A Dry Spell By Thomas Willshire Characters Andy : Early thirties. Pam : Early thirties. Trudy : Late twenties. Kieran : Mid twenties. Action The play begins in Pam and Andy’s bedroom but doesn’t stay there long. Each setting is described or at least implied by the characters. ACT 1 (The play opens with Pam in bed and Andy standing away from her. It is clear the action begins some time after the conversation began. Pam holds a cup of tea.) Andy : I was just thinking about our problem. Well, my problem. I don’t know really. There isn’t a way in which I can express it without hurting your feelings. Pam : It’s a bit late for that. Andy Read More
You know when you wake up, and in the first few seconds of existence you don’t know who you are, why you are, and can’t seem to grasp any significant detail about your life? That void of endless possibility, is my favourite part of the day. My mind reels in circles, trying to grab onto any tangible thought or memory as slowly I open my eyelids, peeling them up like tiny drawbridges unlocking my world. The first thing I see is my enormous tree, just outside my window. The lush green leaves move each in their own individual way, but connected as a vast force, in sync. It gifts me the hope that there could be more than just that Read More
No more than this left from once warm bodies. Sloughed off under pressure, trashed; left to fossilise, silicify. Soft bloom of phytoplankton pinched out, light-fed single cells compressed to a thick white wedge. Now arising clean and bitter from clay’s mucky slump, these cliffs a bone shield against Caesar’s legion. Grudges held hard against all marauders: Spain’s nutshell fleet, a sour return on wars and bad investment in dominion. Sun sets as the old bulldog quivers. Abdel’s a giant, tall as Salisbury steeple and he breakfasts on little English people. Outlined in chalk, blanket pulled up to chin. One last rictus of stolen teeth.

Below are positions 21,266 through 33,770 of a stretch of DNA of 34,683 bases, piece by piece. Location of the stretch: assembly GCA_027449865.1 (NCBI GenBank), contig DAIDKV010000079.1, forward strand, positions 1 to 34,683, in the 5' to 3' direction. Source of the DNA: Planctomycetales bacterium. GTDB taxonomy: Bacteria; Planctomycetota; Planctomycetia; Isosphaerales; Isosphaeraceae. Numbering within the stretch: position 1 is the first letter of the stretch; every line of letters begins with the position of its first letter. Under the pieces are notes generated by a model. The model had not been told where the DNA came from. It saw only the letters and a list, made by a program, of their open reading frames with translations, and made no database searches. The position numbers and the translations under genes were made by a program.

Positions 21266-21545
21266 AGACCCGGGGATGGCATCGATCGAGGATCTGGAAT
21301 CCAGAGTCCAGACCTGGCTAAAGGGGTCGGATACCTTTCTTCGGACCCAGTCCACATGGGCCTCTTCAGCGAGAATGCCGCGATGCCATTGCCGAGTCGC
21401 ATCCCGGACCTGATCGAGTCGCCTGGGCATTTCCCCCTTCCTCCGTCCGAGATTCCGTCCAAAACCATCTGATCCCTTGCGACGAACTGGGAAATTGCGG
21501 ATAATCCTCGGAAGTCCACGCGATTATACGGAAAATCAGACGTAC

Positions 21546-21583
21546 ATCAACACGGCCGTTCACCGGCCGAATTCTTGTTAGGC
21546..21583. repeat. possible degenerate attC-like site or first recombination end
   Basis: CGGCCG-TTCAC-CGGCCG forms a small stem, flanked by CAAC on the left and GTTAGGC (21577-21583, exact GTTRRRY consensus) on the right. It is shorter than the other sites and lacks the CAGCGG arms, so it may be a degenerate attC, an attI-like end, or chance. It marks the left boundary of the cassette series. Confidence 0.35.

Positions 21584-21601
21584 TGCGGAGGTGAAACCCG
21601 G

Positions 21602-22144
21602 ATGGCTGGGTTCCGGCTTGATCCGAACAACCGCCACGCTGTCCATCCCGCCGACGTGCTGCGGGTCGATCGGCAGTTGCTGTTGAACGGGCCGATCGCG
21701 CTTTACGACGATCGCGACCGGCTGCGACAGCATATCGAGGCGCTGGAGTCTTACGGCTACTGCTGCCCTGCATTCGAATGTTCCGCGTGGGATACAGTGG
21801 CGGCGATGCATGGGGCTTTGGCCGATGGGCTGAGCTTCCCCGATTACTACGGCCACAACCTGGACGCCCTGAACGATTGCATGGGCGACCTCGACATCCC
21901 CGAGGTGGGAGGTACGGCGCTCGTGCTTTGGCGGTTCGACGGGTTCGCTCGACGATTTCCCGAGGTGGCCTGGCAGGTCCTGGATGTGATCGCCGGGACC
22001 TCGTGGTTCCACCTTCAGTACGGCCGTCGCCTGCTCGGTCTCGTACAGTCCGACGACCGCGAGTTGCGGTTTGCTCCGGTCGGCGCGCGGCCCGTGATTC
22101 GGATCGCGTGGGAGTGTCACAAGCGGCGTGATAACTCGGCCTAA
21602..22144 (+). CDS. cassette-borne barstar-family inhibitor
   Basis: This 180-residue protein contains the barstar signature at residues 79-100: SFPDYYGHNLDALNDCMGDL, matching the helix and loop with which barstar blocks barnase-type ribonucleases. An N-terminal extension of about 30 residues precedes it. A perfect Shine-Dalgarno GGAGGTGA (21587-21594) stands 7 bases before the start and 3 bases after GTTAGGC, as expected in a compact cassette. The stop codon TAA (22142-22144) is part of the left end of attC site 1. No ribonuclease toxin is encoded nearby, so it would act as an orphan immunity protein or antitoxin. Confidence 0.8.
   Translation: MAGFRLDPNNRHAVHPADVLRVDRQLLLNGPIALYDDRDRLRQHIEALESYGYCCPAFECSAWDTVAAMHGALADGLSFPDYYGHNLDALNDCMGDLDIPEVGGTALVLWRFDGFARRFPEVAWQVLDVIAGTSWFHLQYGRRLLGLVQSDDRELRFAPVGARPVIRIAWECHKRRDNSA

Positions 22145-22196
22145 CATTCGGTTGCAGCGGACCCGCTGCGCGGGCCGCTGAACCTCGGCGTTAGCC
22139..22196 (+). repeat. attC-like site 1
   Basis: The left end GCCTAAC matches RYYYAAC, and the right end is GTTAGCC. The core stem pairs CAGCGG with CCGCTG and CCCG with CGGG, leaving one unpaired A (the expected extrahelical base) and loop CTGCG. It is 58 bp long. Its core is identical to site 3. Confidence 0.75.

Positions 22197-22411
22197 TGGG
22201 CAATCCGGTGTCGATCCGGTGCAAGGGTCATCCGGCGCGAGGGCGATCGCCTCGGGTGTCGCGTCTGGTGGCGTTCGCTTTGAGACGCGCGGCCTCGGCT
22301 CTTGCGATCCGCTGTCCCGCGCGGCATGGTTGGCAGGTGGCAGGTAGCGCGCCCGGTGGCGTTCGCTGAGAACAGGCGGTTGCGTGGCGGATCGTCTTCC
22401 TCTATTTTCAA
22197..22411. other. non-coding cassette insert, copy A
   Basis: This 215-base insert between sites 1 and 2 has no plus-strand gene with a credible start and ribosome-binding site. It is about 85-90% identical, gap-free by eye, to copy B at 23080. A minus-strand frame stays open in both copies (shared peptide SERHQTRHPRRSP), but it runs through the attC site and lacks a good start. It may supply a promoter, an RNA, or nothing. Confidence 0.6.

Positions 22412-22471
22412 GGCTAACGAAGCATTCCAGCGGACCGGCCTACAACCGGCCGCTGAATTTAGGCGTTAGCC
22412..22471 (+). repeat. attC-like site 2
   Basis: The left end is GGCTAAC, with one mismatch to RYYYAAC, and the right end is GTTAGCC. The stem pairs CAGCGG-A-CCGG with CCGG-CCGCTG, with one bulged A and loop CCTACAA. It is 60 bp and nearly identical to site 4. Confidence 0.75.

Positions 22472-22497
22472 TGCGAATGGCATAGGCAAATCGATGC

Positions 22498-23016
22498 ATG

“They took from their surroundings what was needed and made of it something more,” says the narrator of Shane Carruth’s fiendishly knotty debut, pairing words that mythologise the film’s accidental (time) tourists Aaron (Carruth himself) and Abe (David Sullivan) with a deadened electronic tone that flatpacks their experience into drudge. It’s a fair summary of Carruth’s extraordinary achievement – having written, directed, designed, shot, scored and starred in this $4,000 Sundance winner, he has as good a claim as any towards legitimate auteurship. As underlined by an anecdote about NASA’s failed attempts to create a pen that writes in zero gravity (the Soviets used pencils), this is the science, and the cinema, of found things, awesome ideas stumbled upon by Read More
Part Two of what happens if you wait twenty years to finally watch a beloved scifi series and find yourself baffled by it. 8. The Battle: The Ferengi are back to offer a ship ‘as a gift’ and since none of the crew have ever heard the phrase ‘Trojan horse’, they accept. It contains a Picard-specific magic box, the effects of which are too silly to go into here. Despite their obvious shiftiness (including significant pauses and actually rubbing their hands together) no one, including Troi, picks up on their hidden agenda. Her empathic abilities are limited to saying quickly ‘ooh, I felt something too,’ when Picard lurches out of his chair, clutching his forehead in agony. I’m going to Read More
and how you can submit your beautiful, but unloved, works